NUS is No 2 in rankings
The National University of Singapore (NUS) is now one spot away from being ranked Asia’s top university, according to latest rankings from Quacquarelli Symonds (QS), an information provider for higher education.
In fact, it outperformed or matched the top-ranked university – the Hong Kong University of Science and Technology (HKUST) – in seven of the nine indicators.
However, in the papers published per faculty indicator – one of the two areas where NUS did not perform as well in, compared to HKUST – NUS placed outside of the top 50.
The other area is in outbound exchange students where NUS’ score was just a shade under HKUST’s.
The No 2 spot in the rankings is one spot up from last year and the university’s best performance on the ranking since it was introduced in 2009.
The Nanyang Technological University (NTU), meanwhile, retained its 17th spot.
QS this year also published a new ranking of top 50 universities under 50 years old, which saw NTU rank fourth behind the Chinese University of Hong Kong, HKUST and the University of Warwick.
In the 2012 QS ranking, universities were scored on academic reputation, employer reputation, faculty-student ratio, papers per faculty, citations per paper, the proportion of international faculty and international students, inbound exchange students and outbound exchange students.
The NUS ranked first in Asia for employer reputation and second in Asia for academic reputation.
It also saw improvement in three faculty areas: Arts & humanities (first in Asia); engineering & technology (second in Asia); and natural sciences (second in Asia).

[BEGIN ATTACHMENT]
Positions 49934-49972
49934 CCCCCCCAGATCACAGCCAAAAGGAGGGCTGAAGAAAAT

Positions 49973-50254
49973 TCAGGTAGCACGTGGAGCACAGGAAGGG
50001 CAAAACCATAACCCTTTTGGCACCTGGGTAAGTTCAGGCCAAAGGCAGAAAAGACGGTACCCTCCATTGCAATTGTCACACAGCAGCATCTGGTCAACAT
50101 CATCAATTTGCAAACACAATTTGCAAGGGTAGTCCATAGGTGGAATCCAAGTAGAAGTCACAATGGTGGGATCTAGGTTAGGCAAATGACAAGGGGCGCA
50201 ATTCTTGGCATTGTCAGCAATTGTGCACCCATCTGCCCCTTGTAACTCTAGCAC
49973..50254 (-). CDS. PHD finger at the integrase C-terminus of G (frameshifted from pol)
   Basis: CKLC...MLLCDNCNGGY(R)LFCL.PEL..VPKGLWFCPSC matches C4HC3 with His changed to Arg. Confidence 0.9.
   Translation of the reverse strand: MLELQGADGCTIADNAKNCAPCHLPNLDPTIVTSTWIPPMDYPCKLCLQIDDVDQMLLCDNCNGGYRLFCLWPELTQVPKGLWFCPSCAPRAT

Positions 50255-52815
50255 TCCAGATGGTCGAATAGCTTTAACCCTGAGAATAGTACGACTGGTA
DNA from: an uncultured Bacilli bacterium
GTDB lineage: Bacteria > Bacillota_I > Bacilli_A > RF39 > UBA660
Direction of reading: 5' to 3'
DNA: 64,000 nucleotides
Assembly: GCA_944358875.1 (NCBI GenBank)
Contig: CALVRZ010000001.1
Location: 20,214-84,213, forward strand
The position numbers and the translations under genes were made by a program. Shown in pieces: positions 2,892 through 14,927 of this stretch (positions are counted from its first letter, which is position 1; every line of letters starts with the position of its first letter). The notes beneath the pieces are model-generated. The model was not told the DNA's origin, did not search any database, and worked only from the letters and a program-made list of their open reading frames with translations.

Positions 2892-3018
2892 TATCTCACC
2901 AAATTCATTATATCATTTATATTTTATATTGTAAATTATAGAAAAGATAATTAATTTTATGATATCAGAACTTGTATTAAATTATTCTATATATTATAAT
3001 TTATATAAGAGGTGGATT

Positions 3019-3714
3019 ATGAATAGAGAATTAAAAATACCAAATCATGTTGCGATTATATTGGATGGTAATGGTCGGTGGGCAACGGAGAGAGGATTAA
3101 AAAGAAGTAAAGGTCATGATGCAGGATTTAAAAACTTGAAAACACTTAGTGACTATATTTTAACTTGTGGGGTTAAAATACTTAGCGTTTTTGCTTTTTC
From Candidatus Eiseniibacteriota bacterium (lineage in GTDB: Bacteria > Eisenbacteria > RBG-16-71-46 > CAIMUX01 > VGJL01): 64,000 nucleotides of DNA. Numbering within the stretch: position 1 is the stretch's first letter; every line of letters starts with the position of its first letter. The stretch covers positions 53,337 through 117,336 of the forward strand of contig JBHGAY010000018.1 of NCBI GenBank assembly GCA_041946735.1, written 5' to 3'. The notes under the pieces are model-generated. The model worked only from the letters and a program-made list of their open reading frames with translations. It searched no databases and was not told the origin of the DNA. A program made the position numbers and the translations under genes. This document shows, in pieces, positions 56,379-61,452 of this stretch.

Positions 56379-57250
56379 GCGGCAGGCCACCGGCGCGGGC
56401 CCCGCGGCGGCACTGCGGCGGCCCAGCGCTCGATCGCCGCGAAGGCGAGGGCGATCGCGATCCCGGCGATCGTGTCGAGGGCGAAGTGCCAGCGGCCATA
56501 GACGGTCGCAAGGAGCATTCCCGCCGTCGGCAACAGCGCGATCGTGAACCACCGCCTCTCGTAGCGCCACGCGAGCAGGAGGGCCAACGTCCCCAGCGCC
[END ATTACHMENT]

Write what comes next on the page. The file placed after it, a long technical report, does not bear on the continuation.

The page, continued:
The university also retained its top ranking in Asia for social sciences and management.
Said Professor Tan Eng Chye, NUS deputy president (academic affairs) and provost: “Overall, this is a strong international recognition of the excellent work by our faculty and staff in both research and education.”
Meanwhile, NTU ranked sixth for employer reputation and 13th for academic reputation.
In terms of faculties, NTU ranked 16th for Arts & Humanities, eighth for Engineering & Technology, 18th for Life Sciences, 19th for Natural Sciences, and 15th for Social Sciences and Management.
Both NUS and NTU achieved top scores for its proportion of international faculty, along with three other universities.
Professor Bertil Andersson, president of NTU, said: “This inaugural ranking of the QS Top 50 Under 50 provides a good assessment of fast-growing young universities like NTU. NTU’s good performance in this ranking is a testament of the world-class quality education and research environment at NTU.”
Noting that Asia held six of the top 10 places in the Top 50 Under 50 ranking, QS said the prominence of younger Asian institutions could be due to a boom in scientific research.
“China doubled its main scientific research budget between 2009 and 2011, while universities in Singapore and Korea have benefited from multi-billion dollar investment programmes,” it said.